Rachel Laudan

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Rachel Laudan is a food historian, an author of the prizewinning Cuisine and Empire: Cooking in World History.[1][2]

Early life[edit]

Laudan was born in 1944 and grew up on a traditional family farm in South West England. Her father was Cambridge-educated and his opinion of farming as “the highest calling” could well have been carried by his daughter as she moved through life. Laudan’s mother was the traditional image of a farmer’s wife and cooked three meals a day for the family and the farm workers, every day of the year. This idyllic picture was noted by Laudan in an interview with The Austin Chronicle in 2013 where she comments “It created drudgery for my mother”.[3] Her mother cooked everything from scratch and despite Laudan not being forced to help her mother cook, or her father with the farm-work, she grew up surrounded by the food processes of farm to fork. A much repeated memory during interviews with Laudan tell of her father experimenting with grinding wheat to make his own flour. He removed the husks and then attempted to grind the grains by pounding with a pestle and mortar, followed by feeding the wheat through a meat grinder and eventually striking it with a hammer on a flagstone floor.[3][4]

However, Laudan was drawn more towards history as a subject, which she attributes to her awareness of "living in history" while growing up. From finding flints and artefacts from Roman times scattered around the farm to playing in the cloisters of Salisbury Cathedral, Laudan felt connected to the history around her. Consequently, after time spent in Nigeria with the Voluntary Service Overseas at the age of 18, she returned to study Geology at Bristol University. Moving to University College London she attained her Ph.D. in History and Philosophy of Science in 1974.


Moving across the Atlantic, Laudan started her academic career teaching history of science and technology, social and economic history and world history.[5] Initially teaching at Carnegie-Mellon, she also taught at the University of Pittsburgh, Virginia Tech and then the University of Hawaii. While living on the Island, Laudan was struck by the interconnected cuisines that created the fusion of local food and subsequently went on to write her first non-academic book The Food of Paradise which was published by the University of Hawaii in 1996. Despite being rejected by several cautious publishers the book was awarded the 1997 Jane Grigson/ Julia Child prize of the International Association of Culinary Professionals.[6] In 1996, Laudan and her husband the philosopher Larry Laudan, both retired from academia and moved to Mexico. However, they both continued to visit America, Argentina and Spain as visiting lecturers. During her time in Mexico, Laudan worked on the ambitious task of writing her next book Cuisine and Empire: Cooking in World History which was published in 2012. Like her previous book it became an award-winning publication, gaining the IACP Cookbook Award for Best Book in Culinary History.[7]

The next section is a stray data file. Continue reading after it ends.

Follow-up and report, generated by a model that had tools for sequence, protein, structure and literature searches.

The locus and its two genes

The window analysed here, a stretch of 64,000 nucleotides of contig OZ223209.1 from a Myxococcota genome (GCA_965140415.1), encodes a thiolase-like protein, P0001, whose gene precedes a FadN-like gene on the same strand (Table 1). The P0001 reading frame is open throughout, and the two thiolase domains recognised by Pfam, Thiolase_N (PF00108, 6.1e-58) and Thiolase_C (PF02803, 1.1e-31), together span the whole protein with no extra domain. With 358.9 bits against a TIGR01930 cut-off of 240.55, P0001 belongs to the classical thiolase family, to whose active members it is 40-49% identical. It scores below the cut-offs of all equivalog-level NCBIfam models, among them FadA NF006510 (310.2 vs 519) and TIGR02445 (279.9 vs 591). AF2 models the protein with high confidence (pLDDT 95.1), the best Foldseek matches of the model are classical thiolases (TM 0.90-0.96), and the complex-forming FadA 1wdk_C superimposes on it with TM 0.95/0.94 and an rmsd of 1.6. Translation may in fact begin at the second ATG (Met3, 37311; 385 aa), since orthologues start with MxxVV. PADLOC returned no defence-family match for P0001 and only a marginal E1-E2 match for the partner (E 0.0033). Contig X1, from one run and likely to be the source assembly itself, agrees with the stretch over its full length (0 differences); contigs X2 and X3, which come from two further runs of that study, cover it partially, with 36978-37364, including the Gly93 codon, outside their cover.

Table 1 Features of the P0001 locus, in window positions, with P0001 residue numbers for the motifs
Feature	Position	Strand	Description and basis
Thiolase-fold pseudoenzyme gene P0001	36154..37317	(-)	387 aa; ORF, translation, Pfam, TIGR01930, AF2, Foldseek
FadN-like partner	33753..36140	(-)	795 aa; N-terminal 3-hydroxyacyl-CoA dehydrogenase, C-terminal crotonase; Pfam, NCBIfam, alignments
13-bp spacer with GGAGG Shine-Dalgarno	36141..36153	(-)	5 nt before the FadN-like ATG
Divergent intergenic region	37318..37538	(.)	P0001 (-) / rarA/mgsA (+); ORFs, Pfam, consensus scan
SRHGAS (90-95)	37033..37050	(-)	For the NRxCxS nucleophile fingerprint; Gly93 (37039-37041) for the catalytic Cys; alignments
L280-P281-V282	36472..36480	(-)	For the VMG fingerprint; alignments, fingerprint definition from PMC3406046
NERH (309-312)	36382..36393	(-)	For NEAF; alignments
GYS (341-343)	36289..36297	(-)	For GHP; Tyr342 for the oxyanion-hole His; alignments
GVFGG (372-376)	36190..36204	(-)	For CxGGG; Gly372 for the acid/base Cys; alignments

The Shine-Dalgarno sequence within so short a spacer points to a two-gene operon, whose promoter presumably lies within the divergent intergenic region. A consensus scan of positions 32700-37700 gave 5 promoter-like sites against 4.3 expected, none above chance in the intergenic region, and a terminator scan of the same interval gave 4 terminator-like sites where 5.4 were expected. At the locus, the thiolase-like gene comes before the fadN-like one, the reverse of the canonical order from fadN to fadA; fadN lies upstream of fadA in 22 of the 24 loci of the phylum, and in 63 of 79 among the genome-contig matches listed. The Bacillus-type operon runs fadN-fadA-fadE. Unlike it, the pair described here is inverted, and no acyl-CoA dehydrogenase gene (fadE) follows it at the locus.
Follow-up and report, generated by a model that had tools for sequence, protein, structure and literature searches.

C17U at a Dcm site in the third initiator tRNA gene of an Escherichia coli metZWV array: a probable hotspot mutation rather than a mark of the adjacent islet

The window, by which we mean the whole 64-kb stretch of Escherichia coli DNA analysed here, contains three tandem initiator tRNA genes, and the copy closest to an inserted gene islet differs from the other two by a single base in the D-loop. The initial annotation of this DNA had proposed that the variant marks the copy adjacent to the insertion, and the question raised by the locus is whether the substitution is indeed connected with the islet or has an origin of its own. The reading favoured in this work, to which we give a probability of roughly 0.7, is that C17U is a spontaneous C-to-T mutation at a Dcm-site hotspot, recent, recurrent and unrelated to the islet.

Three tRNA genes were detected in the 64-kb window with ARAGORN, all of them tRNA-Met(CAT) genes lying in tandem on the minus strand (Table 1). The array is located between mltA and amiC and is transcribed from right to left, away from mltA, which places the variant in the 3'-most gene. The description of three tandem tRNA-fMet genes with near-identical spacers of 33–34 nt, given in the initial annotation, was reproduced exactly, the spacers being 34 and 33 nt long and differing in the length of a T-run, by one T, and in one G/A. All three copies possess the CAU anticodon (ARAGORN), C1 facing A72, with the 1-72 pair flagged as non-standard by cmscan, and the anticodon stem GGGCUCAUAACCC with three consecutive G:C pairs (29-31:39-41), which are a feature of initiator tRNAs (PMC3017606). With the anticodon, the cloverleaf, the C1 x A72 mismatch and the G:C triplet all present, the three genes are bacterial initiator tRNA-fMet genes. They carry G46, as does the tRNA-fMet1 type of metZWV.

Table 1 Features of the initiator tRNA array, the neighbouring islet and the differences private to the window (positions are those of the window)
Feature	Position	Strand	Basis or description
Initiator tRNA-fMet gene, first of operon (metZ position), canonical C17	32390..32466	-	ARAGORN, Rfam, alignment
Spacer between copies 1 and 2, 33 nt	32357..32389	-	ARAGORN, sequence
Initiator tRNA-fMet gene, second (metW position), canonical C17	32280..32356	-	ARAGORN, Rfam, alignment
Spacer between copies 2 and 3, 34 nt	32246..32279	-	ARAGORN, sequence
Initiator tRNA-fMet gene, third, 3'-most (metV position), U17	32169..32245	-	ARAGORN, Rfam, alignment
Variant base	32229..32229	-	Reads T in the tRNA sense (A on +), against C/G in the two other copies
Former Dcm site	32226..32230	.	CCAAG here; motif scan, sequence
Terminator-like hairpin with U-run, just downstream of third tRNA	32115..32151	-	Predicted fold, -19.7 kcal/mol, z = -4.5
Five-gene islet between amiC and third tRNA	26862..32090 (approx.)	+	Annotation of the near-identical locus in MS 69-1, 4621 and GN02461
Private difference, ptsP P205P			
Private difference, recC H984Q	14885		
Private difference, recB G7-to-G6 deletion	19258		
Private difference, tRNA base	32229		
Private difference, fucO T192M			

1. ^ "Official website". Retrieved 26 November 2014.
  2. ^ Food And Power: An Interview With Rachel Laudan by Elatia Harris, 3 Quarks Daily, September 30, 2013
  3. ^ a b "Farmer's Daughter, Global Scholar". Retrieved 2017-04-28.
  4. ^ "Rachel Laudan on the History of Food and Cuisine | EconTalk | Library of Economics and Liberty". Retrieved 2017-04-28.
  5. ^ 29, Todd Kliman on May; 2015 (2015-05-29). "How Michael Pollan, Alice Waters, and Slow Food Theorists Got It All Wrong". Washingtonian. Retrieved 2017-04-28.CS1 maint: numeric names: authors list (link)
  6. ^ "The Food of Paradise: Exploring Hawaii's Culinary Heritage". www.uhpress.hawaii.edu. Retrieved 2017-04-28.
  7. ^ "IACP Announces 2014 Food Writing Award Winners". Eater. 2014-03-15. Retrieved 2017-04-28.